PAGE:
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Six megatrends that will shape our future


Who isn’t curious about the future?

Humans love future gazing. What is even more fascinating, and endlessly so, is the vision for humanity’s future. What awaits human beings in, say, the next 20 years?

Clearly, that is an onerous task quite beyond the ken of individuals. It requires a lot of pooled knowledge, and shared vision, and is usually the preserve of scientists.

Three years ago, the Commonwealth Scientific and Industrial Research Organisation, better known by its acronym CSIRO, embarked on such a “global foresight” project, not to enlighten the world at large but mainly to guide its own research.

However, its vision was revealed to the world in 2010 when it was summoned to stand in, after a prescient consulting group commissioned to present the future, was thwarted by a failed overseas videolink.

Since then, CSIRO has assembled a new team called CSIRO Futures that shares its vision of the future. It has presented it in the form of six “megatrends” – defined as a major shift in environmental, social and economic conditions that will substantially change the way people live – for the next two decades.

“People need to think about the future because they need to make decisions. Decisions are, by definition, about future events,” the CSIRO said. “There are many ways of thinking about the future. This report is guided by the concept of the ‘futures cone’ – a conceptual framework defining different types of future. The diameters of the circles in the futures cone can be considered inversely proportional to the level of certainty about the future.”

Here are six megatrends identified by the CSIRO, accompanied by a brief description as the research group sees them:

#1. More from less. The earth has limited supplies of natural mineral, energy, water and food resources essential for human survival and maintaining lifestyles. Many of these resources are being depleted at alarming rates. Add to this equation climate change and growing demand. The bottom line: Mankind will need to learn to live on less, or use its ingenuity to get more out of less.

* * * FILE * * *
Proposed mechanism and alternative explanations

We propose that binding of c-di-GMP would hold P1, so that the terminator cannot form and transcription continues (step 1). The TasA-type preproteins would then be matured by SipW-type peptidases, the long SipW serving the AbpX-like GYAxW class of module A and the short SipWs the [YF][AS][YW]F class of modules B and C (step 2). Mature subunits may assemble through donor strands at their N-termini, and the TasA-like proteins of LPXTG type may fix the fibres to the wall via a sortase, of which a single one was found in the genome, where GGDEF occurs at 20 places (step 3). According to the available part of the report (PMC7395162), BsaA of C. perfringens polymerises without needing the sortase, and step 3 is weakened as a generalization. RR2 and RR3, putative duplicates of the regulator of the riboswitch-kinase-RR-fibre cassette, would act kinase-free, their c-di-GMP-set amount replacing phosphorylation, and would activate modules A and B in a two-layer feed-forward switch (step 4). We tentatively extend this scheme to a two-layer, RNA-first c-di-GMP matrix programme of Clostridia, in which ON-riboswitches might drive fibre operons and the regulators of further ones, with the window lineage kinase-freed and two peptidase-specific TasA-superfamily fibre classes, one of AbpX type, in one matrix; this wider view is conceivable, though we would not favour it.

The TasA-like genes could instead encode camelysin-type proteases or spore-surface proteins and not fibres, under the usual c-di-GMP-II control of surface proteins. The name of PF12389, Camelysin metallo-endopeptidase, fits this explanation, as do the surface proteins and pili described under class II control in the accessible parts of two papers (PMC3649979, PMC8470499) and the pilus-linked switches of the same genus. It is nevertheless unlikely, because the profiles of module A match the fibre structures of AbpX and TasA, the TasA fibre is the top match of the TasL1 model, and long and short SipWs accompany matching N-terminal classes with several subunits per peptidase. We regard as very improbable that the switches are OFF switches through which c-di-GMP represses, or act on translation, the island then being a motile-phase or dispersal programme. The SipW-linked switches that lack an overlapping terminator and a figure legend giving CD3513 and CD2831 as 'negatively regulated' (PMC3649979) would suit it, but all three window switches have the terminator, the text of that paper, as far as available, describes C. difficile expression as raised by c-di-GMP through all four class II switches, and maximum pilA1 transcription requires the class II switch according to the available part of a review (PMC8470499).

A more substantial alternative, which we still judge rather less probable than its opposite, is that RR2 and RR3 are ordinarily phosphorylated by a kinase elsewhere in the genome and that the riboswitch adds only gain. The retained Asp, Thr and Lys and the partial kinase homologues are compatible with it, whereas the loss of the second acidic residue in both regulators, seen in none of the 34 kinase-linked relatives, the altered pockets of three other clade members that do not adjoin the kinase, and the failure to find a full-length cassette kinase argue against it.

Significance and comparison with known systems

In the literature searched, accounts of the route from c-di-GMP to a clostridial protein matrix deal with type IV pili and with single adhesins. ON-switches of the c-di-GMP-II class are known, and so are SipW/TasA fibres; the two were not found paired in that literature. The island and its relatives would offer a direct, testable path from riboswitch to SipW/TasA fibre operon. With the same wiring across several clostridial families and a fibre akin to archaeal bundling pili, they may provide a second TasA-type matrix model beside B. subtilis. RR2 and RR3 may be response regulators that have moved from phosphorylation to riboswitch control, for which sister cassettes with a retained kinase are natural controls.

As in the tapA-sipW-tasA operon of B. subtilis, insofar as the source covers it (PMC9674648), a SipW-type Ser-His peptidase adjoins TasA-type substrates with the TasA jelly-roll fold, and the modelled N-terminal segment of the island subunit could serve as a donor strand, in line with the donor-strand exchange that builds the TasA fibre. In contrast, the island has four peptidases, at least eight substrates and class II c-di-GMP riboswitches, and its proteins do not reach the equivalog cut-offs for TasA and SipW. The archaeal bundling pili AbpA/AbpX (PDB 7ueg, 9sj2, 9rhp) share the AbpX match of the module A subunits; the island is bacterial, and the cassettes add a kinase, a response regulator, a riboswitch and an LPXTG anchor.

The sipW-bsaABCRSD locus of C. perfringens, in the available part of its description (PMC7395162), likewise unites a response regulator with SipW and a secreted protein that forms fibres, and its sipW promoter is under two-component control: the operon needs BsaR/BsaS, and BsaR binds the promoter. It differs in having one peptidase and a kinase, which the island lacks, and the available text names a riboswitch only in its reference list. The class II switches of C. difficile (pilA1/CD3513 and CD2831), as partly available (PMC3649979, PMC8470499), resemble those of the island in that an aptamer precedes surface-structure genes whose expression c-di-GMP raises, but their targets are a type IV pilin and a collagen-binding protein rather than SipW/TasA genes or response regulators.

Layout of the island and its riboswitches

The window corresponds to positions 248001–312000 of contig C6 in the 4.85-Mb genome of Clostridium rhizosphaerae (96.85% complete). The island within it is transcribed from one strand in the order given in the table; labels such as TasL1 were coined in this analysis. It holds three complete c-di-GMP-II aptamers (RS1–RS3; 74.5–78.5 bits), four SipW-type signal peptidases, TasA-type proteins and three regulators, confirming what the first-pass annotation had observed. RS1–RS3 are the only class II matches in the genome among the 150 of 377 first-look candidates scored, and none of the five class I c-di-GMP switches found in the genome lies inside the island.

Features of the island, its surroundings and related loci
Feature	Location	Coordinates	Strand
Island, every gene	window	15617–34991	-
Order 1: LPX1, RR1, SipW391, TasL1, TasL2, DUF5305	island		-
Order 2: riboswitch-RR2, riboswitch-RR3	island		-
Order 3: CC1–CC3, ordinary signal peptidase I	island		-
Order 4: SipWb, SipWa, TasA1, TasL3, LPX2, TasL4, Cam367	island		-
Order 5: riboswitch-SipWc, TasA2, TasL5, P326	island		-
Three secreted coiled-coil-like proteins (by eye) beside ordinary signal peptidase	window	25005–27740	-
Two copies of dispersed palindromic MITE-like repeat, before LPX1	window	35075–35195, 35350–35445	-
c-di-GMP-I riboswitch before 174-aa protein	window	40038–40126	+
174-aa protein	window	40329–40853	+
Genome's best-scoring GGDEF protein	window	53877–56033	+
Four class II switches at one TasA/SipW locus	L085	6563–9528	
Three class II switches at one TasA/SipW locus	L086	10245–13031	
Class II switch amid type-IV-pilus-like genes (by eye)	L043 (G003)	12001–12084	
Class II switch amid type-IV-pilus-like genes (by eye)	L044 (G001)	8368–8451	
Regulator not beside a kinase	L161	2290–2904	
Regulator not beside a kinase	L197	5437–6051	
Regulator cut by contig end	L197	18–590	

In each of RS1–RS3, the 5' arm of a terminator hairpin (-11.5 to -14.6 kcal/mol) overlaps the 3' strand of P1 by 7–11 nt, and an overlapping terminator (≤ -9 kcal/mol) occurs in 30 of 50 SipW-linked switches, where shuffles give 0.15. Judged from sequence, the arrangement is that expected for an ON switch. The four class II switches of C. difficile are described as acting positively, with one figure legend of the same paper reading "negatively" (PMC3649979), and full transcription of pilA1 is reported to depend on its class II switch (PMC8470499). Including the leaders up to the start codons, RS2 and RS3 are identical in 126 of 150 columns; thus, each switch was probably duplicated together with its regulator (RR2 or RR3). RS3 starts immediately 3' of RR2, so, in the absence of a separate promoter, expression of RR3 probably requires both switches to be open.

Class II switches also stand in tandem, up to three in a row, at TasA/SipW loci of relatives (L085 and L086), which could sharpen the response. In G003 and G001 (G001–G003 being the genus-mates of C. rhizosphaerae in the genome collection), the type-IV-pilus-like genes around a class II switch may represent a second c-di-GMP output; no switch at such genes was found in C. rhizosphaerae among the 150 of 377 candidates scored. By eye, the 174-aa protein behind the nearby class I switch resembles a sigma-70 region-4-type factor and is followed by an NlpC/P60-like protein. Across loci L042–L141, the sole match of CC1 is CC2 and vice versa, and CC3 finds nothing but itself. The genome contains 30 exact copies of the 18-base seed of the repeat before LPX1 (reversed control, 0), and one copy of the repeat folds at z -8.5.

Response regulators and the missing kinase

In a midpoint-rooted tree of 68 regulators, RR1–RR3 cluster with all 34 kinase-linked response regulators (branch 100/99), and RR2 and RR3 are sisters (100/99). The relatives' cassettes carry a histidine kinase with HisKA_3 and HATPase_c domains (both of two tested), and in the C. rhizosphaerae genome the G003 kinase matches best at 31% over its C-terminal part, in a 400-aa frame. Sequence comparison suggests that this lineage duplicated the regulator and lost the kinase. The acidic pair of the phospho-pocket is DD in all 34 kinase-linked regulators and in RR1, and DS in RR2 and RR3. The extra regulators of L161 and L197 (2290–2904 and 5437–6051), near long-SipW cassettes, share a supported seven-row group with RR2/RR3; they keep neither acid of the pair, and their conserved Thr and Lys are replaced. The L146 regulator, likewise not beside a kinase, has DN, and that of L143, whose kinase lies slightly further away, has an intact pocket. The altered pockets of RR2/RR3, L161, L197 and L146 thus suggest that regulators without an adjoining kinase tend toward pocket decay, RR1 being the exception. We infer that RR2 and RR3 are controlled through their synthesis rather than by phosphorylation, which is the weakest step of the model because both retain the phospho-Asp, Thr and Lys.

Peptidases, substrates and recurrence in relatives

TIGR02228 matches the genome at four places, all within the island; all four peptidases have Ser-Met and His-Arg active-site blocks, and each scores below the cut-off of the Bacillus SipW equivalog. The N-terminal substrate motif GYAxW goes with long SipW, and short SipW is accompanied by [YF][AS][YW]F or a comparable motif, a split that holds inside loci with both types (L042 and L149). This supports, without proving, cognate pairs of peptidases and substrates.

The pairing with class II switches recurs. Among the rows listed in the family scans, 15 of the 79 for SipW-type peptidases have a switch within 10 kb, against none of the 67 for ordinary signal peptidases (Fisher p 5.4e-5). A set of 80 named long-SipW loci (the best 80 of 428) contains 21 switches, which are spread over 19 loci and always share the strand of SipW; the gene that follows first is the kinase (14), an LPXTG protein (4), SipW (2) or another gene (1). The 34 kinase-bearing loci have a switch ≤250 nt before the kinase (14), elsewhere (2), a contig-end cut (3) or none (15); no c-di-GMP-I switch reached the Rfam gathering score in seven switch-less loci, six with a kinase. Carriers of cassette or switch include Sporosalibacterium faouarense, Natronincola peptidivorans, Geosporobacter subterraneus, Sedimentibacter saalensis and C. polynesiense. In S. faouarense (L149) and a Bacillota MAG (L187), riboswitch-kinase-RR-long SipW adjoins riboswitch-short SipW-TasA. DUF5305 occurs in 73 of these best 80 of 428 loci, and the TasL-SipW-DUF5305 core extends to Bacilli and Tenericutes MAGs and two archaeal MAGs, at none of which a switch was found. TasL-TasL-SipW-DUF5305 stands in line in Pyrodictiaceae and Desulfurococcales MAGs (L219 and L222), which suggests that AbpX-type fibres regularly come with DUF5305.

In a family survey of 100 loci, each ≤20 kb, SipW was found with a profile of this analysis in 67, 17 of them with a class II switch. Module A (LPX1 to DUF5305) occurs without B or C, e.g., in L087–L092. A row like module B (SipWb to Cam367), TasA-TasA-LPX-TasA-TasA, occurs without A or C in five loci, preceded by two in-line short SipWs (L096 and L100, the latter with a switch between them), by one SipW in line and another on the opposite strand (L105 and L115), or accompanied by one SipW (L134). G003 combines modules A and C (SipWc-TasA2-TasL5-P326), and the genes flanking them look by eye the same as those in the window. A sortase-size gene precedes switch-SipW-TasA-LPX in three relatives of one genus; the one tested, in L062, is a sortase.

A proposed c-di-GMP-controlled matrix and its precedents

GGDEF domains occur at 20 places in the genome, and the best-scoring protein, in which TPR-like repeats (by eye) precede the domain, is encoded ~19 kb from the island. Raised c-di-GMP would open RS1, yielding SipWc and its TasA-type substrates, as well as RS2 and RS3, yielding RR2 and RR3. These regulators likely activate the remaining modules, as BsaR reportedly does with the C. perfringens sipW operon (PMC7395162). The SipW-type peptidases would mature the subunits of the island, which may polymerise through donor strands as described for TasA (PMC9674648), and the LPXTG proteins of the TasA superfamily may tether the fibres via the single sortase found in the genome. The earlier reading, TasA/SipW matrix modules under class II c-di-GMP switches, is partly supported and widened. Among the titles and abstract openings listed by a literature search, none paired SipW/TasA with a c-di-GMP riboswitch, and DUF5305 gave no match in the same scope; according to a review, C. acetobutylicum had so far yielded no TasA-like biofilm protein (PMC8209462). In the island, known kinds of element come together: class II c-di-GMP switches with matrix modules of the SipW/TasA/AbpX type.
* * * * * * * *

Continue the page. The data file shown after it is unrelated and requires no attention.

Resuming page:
#2. Going, going … gone? Many of the world’s natural habitats, plant species and animal species are in decline or at risk of extinction. Thankfully, while the state of biodiversity is in decline, human response is on the rise. Governments, companies and societies are doing more than ever before to protect valuable habitats and reduce greenhouse gas emissions. It is hard to place a monetary value on this biodiversity, but we may still have a chance of preserving what is culturally invaluable.

#3. The silk highway. Coming decades will see the world economy shift from west to east and, north to south. We are stepping into the Asian Century, along with the rise of emerging markets in South America and Africa. This will build new markets and business models, and Australia’s cultural composition will grow more diverse. Our nation is well positioned to be part of the new world.

#4. Forever young. The ageing population is a growing asset. Elderly citizens in Australia and many other Organisation for Economic Cooperation and Development (OECD) countries will provide a wealth of skills, knowledge, wisdom and mentorship. This resource is as yet not fully utilised by governments, companies, communities and families, and this megatrend may well be called “hidden treasure.”

#5. Virtually here. The world is becoming more connected. People, businesses and governments are increasingly moving into the virtual world to deliver and access services, obtain information, perform transactions, shop, work and interact with each other. The rapid growth in connectivity is associated with new meta-level functionality and changed organisational and individual behavior, and will fundamentally change communities.

#6. Great expectations. Like the convict in Charles Dickens’ Great Expectations, people will increasingly demand great experiences and social relationships, rather than great products alone. This consumer, societal and cultural megatrend captures the expectation people have for personalised services and has implications for the Australian retail sector and human service delivery systems of government and private sector organisations.